“You shouldn’t be sitting around all day. If you don’t get up and do something, people will think you’re just lazy.”
“You shouldn’t use your illness as an excuse to rest and take a break.”
“Why can’t you get the energy to go out for drinks after dinner like everyone else? They won’t want to go out with you anymore because you can’t keep up like everyone else.”
“Why could you work out yesterday but you can’t even move today? Mind over matter. Don’t let this limit you.”
This dialogue sounds like an abusive, degrading, and extremely negative encounter. Although it may seem like these are being said to me by someone else, the truth is, these are the inner thoughts that I tell myself. Living with a chronic illness takes a toll on the body, but also affects the mind.
On days I am physically feeling down and frustrated with the state of my health, I become self-critical. The dialogue taking place in my mind leaves me feeling defeated and ashamed of having a physical illness. I compare myself to others who are more physically able, judge myself based on what others my age can do, and try to convince myself that if I “just tough it out,” I could overcome how I’m physically feeling.
None of what I tell myself is true. As I manage my life with a chronic and life-altering condition, my worst critic is myself.
The reason many of us with chronic illness have inner conflicts is we feel our bodies are failing us. It’s easy for my mind to say there’s no one to blame but myself. When fueling my thoughts with self-blame, I try to remind myself that having a chronic illness is not something I have control over. The only thing I have control over is how I care for myself day-to-day.
Filling my thoughts with self-blame and criticism, and telling myself to “just move on,” is not how I should care for myself. It’s important to realize that chronic illness is not my fault. Feeling I have to hold myself responsible negatively impacts my mental health. It hinders my ability to care for myself in the best way possible. When my mind fills with negative thinking, I easily feel as though I’m not worthy of self-care.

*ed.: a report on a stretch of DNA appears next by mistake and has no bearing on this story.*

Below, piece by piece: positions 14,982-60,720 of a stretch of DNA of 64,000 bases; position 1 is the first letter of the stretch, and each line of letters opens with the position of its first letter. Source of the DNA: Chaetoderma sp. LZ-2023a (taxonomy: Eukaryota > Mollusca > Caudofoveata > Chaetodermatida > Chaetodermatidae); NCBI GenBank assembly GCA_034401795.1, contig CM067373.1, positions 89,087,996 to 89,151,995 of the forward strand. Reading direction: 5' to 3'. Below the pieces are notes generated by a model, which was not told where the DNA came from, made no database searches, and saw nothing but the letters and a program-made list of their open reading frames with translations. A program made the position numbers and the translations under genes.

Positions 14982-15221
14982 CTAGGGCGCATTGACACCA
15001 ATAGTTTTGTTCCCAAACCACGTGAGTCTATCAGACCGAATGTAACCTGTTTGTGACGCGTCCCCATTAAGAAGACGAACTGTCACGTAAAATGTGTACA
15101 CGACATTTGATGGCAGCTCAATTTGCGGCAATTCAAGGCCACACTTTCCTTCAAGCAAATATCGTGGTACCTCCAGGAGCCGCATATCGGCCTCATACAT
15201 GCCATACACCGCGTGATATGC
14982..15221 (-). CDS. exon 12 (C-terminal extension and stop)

I’m extremely hard on myself when it comes to how I’m physically feeling, and also how I’m mentally coping. I tell myself, “You shouldn’t feel sad, you’re going to get depressed. There are people out there who have it way worse than you.” My critical side tells me that feeling depressed or overly anxious is a sign of weakness. Because of this, I fail to acknowledge my feelings of anxiety and depression as they arise.
With the help of a therapist, I am working on allowing myself to feel the sadness, frustration, and anger on days when it seems like my body isn’t doing what I want it to do. Recognizing these feelings as they arise allows me to express them appropriately and not store them away.
Managing a life with chronic illness is difficult. It’s easy to look for someone or something to blame when feeling out of control. When the body I am living in fails me, it’s no surprise that the easiest person to blame is myself.
I have a reason to feel upset about my illness. My anxiety, depression, anger, and frustration is valid. But when the inner critic voice creeps into my mind, I shouldn’t give into it. When I feel like giving in, I stop and think about the advice I would give to a friend in a similar situation. I would never tell someone struggling to “just get over it” and would never compare their bad day to someone else’s. I’ve learned that practicing kindness toward myself and being OK with not being OK is the greatest form of self-care. It’s time to silence the voice of my inner critic.
Note: Pulmonary Hypertension News is strictly a news and information website about the disease. It does not provide medical advice, diagnosis, or treatment. This content is not intended to be a substitute for professional medical advice, diagnosis, or treatment. Always seek the advice of your physician or other qualified health provider with any questions you may have regarding a medical condition. Never disregard professional medical advice or delay in seeking it because of something you have read on this website. The opinions expressed in this column are not those of Pulmonary Hypertension News or its parent company, BioNews Services, and are intended to spark discussion about issues pertaining to pulmonary hypertension.
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